Big stars disappear her remarks: In this morning's New York Times, Paul Krugman hammers away at the latest Trump tax plan. Here's the way he starts:
KRUGMAN (10/3/17): Last week the Trump administration and its congressional allies working on tax reform achieved something remarkable. They released a tax plan—or, actually, a vague sketch of a plan—that manages both to add trillions to the deficit and to raise taxes on a large fraction of the population. That takes talent.The plan will raise taxes on many people—and it will "add trillions to the deficit," Krugman says. In this news report in this morning's Times, Jim Tankersley cites an analysis by the Tax Policy Center, "which found that the plan could cost $2.4 trillion over the next decade."
But like the G.O.P.’s terrible, no good, very bad health plans, this tax debacle was years in the making. On taxes, as with health, leading Republicans have been lying for years. And now the fraud has caught up with the fraudsters.
According to the Tax Policy Center, Trump's plan will add an additional $2.4 trillion to projected deficits over the next ten years. Even as Krugman complained about that, our thoughts drifted back to Candidate Trump's original tax proposal.
Almost surely, it was the craziest tax proposal anyone ever advanced. The candidate presented the plan in September 2015—and uh-oh! According to the Tax Foundation, it would have increased projected deficits by more than $10 trillion over that same ten years! That first proposal would have increased federal deficits/debt more than four times as much as this latest semi-plan.
Amazing, isn't it? Perfectly sensibly, Krugman is railing about a projected debt/deficit hike of $2.4 trillion. But when Candidate Trump released his first tax plan, it would have increased deficits/debt by more than $10 trillion!
It was the craziest such proposal in history. And it was widely ignored by the mainstream press; it was barely discussed or reported.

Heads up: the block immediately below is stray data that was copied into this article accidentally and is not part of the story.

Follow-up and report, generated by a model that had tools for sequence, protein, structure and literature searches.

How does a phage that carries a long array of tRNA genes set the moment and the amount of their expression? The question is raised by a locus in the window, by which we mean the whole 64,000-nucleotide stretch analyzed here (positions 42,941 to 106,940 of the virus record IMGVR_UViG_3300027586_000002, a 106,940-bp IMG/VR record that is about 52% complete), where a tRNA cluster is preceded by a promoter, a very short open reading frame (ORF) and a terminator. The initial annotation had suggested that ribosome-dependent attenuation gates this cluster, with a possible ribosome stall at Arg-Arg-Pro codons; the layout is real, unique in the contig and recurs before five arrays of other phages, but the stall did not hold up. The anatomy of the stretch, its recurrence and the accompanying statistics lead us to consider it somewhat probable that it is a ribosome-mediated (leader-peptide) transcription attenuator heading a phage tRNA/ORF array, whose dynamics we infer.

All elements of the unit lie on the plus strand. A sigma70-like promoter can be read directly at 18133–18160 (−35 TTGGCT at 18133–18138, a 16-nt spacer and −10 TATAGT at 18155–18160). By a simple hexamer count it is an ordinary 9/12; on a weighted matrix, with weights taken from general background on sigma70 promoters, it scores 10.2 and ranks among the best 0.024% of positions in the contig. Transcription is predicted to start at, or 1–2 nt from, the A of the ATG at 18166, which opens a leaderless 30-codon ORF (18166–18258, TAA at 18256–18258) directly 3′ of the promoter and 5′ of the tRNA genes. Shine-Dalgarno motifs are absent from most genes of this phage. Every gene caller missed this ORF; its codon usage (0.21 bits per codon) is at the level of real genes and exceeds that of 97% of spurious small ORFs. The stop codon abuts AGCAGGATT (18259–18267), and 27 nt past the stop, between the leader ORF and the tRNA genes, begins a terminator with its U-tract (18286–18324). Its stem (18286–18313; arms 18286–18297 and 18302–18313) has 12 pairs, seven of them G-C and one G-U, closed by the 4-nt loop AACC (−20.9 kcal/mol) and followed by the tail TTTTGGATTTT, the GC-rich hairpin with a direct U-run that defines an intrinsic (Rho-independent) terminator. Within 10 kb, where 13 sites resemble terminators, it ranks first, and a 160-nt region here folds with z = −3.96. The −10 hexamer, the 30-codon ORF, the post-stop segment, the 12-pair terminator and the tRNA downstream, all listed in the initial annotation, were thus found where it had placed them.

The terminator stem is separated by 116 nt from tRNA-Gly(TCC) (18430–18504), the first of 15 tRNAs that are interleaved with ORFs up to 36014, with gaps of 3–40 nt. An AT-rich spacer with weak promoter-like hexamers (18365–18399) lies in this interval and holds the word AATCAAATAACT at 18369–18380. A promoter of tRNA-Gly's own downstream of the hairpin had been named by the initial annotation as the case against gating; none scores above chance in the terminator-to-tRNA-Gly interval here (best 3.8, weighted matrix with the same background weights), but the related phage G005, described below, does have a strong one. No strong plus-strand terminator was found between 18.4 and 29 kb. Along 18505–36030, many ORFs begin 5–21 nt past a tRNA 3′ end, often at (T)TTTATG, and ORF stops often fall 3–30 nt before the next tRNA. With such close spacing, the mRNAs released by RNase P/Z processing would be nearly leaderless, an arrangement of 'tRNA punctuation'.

(By way of contrast, Candidate Bush's famous tax proposal in Campaign 2000 increased projected deficits by $1.3 trillion, about one-eighth as much as Trump's initial proposal. Despite its much smaller size, the Bush plan was widely analyzed and widely discussed during that campaign.)
So it went during our last White House race. In an excellent part of her new book, Hillary Clinton discusses this aspect of the press corps' performance during that campaign.
She discusses this matter in her tenth chapter, Sweating the Details. It's very rare to see a major Democrat like Clinton discuss the work of the press corps in the way she does.
Good God! Clinton starts the chapter with Matt Lauer's appalling performance at the Commander in Chief Forum on September 7, 2016. Lauer asked Clinton about her emails again and again that night, then again and again.
Nothing else on the planet mattered. From page 217 through page 222, Clinton pounds Lauer's performance.
It's very, very, very unusual to see a Democratic politician discuss a major figure of the mainstream press corps this way. From there, Clinton moves to this summary of the way the press corps handled matters of substance during the Trump-Clinton race:
CLINTON (page 223): [I]n my view, the Commander in Chief Forum was representative of how many in the press covered the campaign as a whole. Again according to Harvard's Shorenstein Center, discussion of public policy accounted for just 10 percent of all campaign coverage in the general election. Nearly all the rest was taken up by obsessive coverage of controversies such as email. Health care, taxes, trade, immigration, national security—all of it crammed into just 10 percent of the press coverage...Later in the book, Clinton hammers the New York Times for its obsession with the email controversy. It's very, very, very unusual to see a major Democrat discussing the press corps this way.
The decline of serious reporting on policy has been going on for a while, but it got much worse in 2016. In 2008, the major networks' nightly newscasts spent a total of 220 minutes on policy. In 2012, it was 114 minutes. In 2016, it was just 32 minutes. (That stat is from two weeks before the election, but it didn't change much in the final stretch.) By contrast, 100 minutes were spent on covering my emails. In other words, the political press was telling voters that my emails were three times more important than all the other issues combined.
Republicans bash the mainstream press corps all day long and into the night. Over the past fifty years, this has been a basic part of orthodox GOP practice.
It's very, very, very unusual to see a major Democrats denigrate Lauer and the New York Times and the mainstream press corps in general. That said, what happened when Clinton was interviewed, at great length, by Anderson Cooper and Rachel Maddow last month?
What did you think was going to happen? Lauer's name was never mentioned by either one of these tools. There were zero questions about the conduct of the New York Times, or about the mainstream press corps in general.
Maddow and Cooper are tools of the guild. They don't color outside the guild's approved lines.
Today, the Times is reporting on Trump's latest attempt at a tax plan. His original plan was utterly crazy, but much as Clinton says in her book, nobody said a word.
Dearest darlings, use your heads! Discussions like that are bad for ratings! Who would pay the salaries of TV stars if such discussions prevailed?